Hattiesburg Man Convicted of Human Trafficking in Oxford Mississippi
Late yesterday afternoon, a federal jury in U.S. District Court in Oxford, Mississippi, found Raymorris Asencio, 31 of Hattiesburg, Mississippi, guilty of human trafficking and transporting a minor across state lines to engage in prostitution. The announcement was made by U.S. Attorney William C. Lamar and Special Agent in Charge, Christopher Freeze, Federal Bureau of Investigation. During the trial, the jury heard testimony from the victim and local citizens who observed the minor and reported their concerns to police. FBI agents and task force officers from Oxford, Hattiesburg, and Baton Rouge, Louisiana were able to rescue the minor from a hotel room in Baton Rouge in February 2017.
U.S. District Judge Glen H. Davidson presided over the trial and will sentence Asencio at a later date. Asencio faces possible penalties of not less than 10 years and up to life imprisonment, fines of up to $250,000, and post-imprisonment terms of supervision of not less than 5 years.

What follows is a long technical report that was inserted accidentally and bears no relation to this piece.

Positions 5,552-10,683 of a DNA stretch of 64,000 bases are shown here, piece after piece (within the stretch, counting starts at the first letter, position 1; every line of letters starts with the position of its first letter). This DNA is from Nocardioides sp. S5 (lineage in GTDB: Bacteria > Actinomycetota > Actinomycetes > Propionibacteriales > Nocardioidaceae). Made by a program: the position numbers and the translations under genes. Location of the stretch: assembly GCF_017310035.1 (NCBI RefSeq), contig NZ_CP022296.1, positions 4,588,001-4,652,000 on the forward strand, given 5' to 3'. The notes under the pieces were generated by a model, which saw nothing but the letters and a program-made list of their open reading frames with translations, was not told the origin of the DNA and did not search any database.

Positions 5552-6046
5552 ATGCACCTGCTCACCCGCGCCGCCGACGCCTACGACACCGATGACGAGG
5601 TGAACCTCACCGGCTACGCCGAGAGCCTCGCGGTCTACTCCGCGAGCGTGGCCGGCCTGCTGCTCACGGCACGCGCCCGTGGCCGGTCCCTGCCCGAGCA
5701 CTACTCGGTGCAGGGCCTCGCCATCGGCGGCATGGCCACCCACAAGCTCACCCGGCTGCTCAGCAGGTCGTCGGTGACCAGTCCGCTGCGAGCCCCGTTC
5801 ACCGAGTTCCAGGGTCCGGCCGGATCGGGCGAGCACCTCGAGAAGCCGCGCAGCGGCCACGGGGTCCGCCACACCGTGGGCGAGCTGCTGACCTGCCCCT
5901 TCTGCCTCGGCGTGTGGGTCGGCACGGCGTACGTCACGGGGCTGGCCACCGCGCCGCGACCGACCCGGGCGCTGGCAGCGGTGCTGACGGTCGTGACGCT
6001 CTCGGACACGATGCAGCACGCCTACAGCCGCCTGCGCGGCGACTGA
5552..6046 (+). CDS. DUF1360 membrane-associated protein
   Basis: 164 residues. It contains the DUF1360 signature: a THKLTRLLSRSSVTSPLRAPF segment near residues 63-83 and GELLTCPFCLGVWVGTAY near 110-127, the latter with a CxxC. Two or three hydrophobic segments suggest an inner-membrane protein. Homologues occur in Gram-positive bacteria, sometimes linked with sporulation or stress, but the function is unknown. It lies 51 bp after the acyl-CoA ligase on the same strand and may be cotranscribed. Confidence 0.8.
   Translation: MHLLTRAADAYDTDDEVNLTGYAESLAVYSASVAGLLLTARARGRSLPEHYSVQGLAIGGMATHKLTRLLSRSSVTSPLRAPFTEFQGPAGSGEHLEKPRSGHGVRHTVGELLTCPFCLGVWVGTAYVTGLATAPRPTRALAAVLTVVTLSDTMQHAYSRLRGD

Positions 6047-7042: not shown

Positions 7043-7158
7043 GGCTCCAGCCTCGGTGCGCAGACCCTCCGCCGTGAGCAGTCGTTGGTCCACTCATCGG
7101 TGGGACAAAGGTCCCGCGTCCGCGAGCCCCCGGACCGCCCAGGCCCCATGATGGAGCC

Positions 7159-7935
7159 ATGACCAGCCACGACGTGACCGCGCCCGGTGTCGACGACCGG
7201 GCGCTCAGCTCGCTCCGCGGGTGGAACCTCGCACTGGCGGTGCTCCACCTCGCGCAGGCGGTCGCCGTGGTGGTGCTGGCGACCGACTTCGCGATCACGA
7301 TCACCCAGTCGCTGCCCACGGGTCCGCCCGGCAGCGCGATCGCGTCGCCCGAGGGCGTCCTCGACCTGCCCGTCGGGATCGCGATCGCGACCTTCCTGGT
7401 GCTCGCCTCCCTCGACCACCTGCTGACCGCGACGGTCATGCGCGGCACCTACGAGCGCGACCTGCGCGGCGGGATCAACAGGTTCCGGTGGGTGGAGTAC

United States Attorney William C. Lamar said, “Combatting human trafficking is a top priority for the Department of Justice and our office. Through collaborative efforts with our state and local law enforcement partners in Project Safe Neighborhoods and Project Safe Childhood we will do just that. We must protect our children from predators like Asencio. I want to thank the private citizens in Oxford who noticed the minor and Asencio and notified the Oxford Police Department of their concerns for the minor's safety. I also want to commend the quick action of the Oxford Police Department, the Federal Bureau of Investigation and other police departments in Hattiesburg, and Baton Rouge, Louisiana, who all worked together to locate and rescue the minor.”
“It is nearly unthinkable that trafficking a minor for prostitution still happens in Mississippi, but the jury in this case agreed that the charges against Asencio were warranted,” said Special Agent in Charge Freeze. “Our Child Exploitation Task Force constantly focuses on those that prey on children. I want to personally thank the special agents, task force officers and partner law enforcement agencies that assisted with this case, because without these partnerships, these types of verdicts would not be possible.”
Assistant United States Attorneys Paul Roberts and Michael Hallock prosecuted the case for the United States. The case was investigated by the FBI Jackson Division’s Child Exploitation Task Force, which is made up of agents from the FBI and the Mississippi Attorney General’s Office and officers from the Prentiss County Sheriff’s Office and Southaven Police Department.